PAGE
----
Consumer Reports: How to repair your credit score

Credit scores are used for many transactions, and a low credit score can stand in the way of your hopes and dreams, like buying a house or a new car, even getting a new job.

Consumer Reports reveals important tips on how to repair your credit score if it’s in the dumps.

Depending on the reasons for a low credit score, it can take months or even years to raise a low score to a good score -- say 700. It also takes discipline.

One of the most important things to do is to pay all your bills on time -- that accounts for about 35 percent of your FICO score, the most common credit scoring system.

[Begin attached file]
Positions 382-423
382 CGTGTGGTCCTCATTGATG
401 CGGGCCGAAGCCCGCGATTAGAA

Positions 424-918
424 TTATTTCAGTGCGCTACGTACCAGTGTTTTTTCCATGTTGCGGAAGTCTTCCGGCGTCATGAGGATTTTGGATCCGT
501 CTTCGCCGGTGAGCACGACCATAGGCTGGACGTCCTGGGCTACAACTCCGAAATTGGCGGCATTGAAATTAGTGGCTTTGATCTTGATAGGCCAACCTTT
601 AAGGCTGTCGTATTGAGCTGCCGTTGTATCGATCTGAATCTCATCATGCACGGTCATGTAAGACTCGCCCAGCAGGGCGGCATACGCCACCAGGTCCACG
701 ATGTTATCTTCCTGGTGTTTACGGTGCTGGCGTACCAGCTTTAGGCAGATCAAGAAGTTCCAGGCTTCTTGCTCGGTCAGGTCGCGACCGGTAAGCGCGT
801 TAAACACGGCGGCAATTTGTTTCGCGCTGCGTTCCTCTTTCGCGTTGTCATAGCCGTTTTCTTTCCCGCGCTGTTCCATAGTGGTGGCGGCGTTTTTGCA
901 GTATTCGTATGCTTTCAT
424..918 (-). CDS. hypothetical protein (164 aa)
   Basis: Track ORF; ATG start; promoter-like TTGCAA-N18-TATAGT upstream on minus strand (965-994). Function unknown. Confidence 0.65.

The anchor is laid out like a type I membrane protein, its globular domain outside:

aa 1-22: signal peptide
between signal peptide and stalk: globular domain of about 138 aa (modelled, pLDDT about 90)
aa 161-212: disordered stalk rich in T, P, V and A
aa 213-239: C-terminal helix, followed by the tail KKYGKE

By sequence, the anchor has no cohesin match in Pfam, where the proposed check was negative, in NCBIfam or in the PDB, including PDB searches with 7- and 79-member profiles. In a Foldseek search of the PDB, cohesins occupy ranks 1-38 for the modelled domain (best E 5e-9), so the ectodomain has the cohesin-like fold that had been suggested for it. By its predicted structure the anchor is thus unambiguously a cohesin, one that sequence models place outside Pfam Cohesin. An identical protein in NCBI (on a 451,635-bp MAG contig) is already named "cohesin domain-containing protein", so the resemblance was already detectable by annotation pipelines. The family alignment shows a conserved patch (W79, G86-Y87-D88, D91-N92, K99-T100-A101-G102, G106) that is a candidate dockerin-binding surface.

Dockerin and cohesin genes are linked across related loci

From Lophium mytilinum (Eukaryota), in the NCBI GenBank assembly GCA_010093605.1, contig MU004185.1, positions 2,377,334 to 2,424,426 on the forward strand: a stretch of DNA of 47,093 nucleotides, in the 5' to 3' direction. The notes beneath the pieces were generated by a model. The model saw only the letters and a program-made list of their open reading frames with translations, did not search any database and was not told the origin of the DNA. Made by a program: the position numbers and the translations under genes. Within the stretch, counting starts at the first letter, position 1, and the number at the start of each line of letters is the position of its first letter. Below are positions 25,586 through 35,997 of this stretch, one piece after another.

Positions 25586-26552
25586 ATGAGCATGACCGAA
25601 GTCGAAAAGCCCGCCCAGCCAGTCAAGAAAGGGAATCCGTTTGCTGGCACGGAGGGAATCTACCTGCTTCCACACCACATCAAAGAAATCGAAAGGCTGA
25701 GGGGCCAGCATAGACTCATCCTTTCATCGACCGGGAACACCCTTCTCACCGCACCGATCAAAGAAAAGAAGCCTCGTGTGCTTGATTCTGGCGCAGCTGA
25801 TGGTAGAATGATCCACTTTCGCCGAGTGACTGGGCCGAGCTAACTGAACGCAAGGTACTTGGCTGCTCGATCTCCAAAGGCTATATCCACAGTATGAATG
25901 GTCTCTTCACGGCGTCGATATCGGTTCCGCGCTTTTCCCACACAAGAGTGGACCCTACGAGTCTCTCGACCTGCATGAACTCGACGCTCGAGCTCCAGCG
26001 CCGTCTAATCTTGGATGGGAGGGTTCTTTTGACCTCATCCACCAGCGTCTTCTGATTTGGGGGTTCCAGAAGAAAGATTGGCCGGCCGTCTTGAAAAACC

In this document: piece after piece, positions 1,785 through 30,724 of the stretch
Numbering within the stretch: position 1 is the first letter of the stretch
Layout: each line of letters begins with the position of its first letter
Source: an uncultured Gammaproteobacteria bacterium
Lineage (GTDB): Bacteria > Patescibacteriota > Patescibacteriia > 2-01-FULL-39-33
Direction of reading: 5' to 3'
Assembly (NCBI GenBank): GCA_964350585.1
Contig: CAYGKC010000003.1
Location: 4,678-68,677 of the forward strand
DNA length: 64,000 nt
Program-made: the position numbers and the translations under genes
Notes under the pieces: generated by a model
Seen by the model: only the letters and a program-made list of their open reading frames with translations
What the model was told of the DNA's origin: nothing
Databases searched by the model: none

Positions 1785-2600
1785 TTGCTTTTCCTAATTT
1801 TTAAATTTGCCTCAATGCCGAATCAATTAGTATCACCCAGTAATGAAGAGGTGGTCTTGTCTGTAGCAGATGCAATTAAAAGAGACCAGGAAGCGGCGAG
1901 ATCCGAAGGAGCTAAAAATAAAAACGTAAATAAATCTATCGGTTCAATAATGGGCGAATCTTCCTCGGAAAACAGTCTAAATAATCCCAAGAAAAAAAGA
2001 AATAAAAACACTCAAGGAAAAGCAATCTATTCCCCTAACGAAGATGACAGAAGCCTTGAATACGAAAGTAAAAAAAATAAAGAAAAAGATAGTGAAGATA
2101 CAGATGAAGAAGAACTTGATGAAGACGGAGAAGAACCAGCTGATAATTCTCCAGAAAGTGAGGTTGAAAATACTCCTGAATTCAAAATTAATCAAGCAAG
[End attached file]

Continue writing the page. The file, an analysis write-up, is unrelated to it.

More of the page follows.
Consumer Reports says if you have credit cards, try to keep your balances to no more than 10 percent of your available credit. Anything more could show elevated credit risk.

Another tip is to consider taking out a personal loan to pay your credit card debt. Plus, you may get a lower rate of interest with the loan. Having a greater variety of credit types might help your credit score.

If you can’t get a traditional credit card because of your credit history -- go for a secured credit card, which requires a deposit to protect the issuer. Make timely payments and your credit score could improve.

And finally, request a free credit report once a year from each of the three reporting agencies, Experian, TransUnion and Equifax, to monitor your progress and spot any errors. You can do that through AnnualCreditReport.com.

All Consumer Reports material Copyright 2019 Consumer Reports, Inc. ALL RIGHTS RESERVED. Consumer Reports is a not-for-profit organization which accepts no advertising. It has no commercial relationship with any advertiser or sponsor on this site. For more information visit consumer.org.